Wound CRC Launches Wound Innovations: Clinical treatment, education and research facility

The Australian Wound Innovation Centre (Wound Innovations) is  Australia’s premier facility solely dedicated to clinical wound treatment, education and research.


Wound Innovations, based in Spring Hill Brisbane, has an experienced management team with strong expertise in the fields of health administration, commerce and clinical treatment. Referrals are now open (as of January 2017) and can be made via contacting Wound Innovations at info(@)woundinnovations.com.au or visiting us at woundinnovations.com.au

The CRC launches Australia’s premier facility solely dedicated to clinical wound treatment, education and research.

Opening late January 2017, the CRC's translation activity offers a holistic service for patients, their carers and clinicians to improve wound outcomes. In addition, training for health professionals is offered to provide the latest, evidence-based treatment methods and approaches for wound management. the centre collaborates with health organisations to conduct research that advances wound knowledge and treatment.

Together, these activities combine to continue the incredible outcomes of the Wound CRC into it's next phase of operations.

Icon to scroll down the website

Wound Healing Institute Australia: A WMI CRC Start Up Company

Wound Healing Institute Australia (WHIA) is a new not-for-profit organisation formed as a spin-out from the WMI CRC and Participants WA Health, Curtin University and SilverChain.


WHIA is a realisation of the vision and investment of the WoundsWest Program. WoundsWest was an initiative of WA Health, Silver Chain Group and Curtin University who invested in creating and providing world class assets, services and research to the wound management community with a focus on Western Australian health and community services.


Through the vision of the Wound CRC, and in conjunction with WA Health, Silver Chain Group and Curtin University,


WHIA’s services and products are now available via whia.com.au, which include the following:


1. Accredited online wound education modules;

2. Nationwide telehealth wound management services;

3. Clinical audit services in wound management for a range of organisations;

4. World leading research in partnership with the Wound CRC; and

5. Health promotion, education and health services in wound management to rural, remote and indigenous communities.


WHIA will improve the life and health of wound sufferers via education, training, advice, research and health promotion

Icon to scroll down the website

New Database to Drive Outcomes for National Health Sector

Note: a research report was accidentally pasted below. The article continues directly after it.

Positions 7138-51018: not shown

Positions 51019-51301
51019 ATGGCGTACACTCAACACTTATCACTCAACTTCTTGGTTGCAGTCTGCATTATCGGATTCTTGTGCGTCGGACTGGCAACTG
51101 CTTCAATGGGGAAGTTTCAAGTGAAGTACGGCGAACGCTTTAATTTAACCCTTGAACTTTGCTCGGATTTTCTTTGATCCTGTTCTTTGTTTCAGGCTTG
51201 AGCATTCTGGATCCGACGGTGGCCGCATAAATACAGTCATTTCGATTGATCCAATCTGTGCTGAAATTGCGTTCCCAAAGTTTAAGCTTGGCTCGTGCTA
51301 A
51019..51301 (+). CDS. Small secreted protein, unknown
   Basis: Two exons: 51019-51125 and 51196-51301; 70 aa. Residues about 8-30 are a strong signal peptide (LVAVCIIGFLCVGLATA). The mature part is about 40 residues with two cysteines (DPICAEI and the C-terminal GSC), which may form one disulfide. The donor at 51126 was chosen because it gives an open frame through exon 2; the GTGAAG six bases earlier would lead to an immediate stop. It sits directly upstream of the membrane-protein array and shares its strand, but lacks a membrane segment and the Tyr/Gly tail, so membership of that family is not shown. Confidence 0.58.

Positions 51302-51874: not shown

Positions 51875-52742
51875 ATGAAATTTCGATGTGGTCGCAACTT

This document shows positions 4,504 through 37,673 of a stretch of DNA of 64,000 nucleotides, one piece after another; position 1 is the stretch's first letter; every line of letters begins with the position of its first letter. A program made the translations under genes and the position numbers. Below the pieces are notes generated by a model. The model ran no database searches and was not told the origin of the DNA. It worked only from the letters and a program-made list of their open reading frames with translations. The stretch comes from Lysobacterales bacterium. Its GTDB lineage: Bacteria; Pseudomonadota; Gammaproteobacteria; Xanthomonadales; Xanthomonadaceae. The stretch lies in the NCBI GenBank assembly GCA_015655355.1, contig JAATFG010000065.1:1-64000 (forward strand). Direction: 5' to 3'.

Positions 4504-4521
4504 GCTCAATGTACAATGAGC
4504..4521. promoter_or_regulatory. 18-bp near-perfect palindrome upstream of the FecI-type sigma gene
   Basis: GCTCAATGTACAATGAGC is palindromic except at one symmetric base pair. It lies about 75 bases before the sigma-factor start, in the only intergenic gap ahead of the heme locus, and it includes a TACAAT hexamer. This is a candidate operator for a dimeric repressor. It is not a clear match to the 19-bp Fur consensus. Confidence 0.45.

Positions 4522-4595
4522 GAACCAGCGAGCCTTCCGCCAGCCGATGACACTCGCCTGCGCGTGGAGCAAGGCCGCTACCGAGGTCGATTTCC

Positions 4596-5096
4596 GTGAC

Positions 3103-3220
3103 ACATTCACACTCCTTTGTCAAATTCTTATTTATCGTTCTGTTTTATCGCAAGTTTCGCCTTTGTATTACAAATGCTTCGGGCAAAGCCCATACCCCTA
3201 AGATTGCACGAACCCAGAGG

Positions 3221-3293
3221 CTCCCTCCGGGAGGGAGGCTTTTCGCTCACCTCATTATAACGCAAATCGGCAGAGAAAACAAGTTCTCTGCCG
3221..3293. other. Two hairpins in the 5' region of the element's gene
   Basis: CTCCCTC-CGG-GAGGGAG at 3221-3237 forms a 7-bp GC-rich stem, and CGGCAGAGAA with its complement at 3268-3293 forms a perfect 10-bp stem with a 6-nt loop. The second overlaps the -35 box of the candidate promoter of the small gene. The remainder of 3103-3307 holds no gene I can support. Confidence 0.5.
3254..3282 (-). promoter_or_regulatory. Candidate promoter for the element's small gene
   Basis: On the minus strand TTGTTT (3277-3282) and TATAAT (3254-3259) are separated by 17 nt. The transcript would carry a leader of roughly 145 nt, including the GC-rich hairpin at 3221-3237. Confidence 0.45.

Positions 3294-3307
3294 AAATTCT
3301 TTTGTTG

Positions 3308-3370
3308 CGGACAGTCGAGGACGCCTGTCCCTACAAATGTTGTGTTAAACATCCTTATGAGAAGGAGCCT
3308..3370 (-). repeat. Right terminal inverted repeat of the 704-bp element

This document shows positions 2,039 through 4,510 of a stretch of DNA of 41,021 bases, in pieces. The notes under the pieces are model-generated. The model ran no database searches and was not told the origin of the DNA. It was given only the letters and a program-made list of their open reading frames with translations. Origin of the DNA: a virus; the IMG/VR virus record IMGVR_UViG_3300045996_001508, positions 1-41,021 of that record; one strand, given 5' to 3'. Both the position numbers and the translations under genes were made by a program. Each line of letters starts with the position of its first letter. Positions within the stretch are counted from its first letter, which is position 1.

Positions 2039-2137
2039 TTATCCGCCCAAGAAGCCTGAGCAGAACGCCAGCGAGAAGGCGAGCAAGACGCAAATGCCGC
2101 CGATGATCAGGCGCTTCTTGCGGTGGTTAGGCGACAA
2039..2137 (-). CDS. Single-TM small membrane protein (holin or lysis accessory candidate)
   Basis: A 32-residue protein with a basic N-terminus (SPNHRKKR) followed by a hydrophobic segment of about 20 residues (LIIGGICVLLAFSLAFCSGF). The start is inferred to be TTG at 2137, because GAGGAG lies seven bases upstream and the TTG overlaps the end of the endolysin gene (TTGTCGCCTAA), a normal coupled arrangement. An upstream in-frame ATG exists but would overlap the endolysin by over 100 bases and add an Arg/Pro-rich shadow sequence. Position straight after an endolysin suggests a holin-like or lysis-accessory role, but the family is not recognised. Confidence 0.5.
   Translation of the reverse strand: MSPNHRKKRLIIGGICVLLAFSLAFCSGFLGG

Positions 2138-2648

Currently the costs of wound management in Australia are not well understood.

There is limited data available and it is not consistently collected. Without this information, health care policy makers, care providers, industry and patients are not able to make informed choices.


The University of Tasmania has joined the Wound Management Innovation Cooperative Research Centre (Wound CRC) as Participant for a venture of national significance.


University was chosen because of its strength in health research coupled with innovative use of data, along with a track record of working effectively at the interface of research and industry.


Under the two-year project, the CRC, University and industry partners would produce a database to capture, analyze and drive improvements in wound management at both a sectoral and individual level.


The database will be a resource of national and international importance.

WMI CRC is working with collaborators within industry, research and  health departments

Icon to scroll down the website


Diabetic Foot Insole: Innovative Product Development

The CRC insole technology in development uses a pressure-sensing fabric that sends a message to a smartphone warning of potential damage to

a diabetic’s feet.

An ulcer on the bottom of the foot can develop into an injury that penetrates to the bone and can cause chronic infections, open sores and eventually result in amputation.


The WMI CRC insole technology has the potential to reduce the incidence of ulcer recurrence among people living with diabetes, saving them from severe pain, possible amputation and incapacity.

Electronics in the insole will pick up changes in the

distribution of pressure applied in each step, which are

indicative of a wearer subconsciously favouring a foot or part of a foot. The electronics will then communicate wirelessly to the wearer’s smartphone at the point where the patient is at risk of foot damage.


The device can be used for multiple purposes, including diagnostic, preventive, rehabilitation, warning alert and performance measurement


WMI CRC technology has the capacity to reduce ulcers, saving people with foot ulcers from severe pain and possible amputation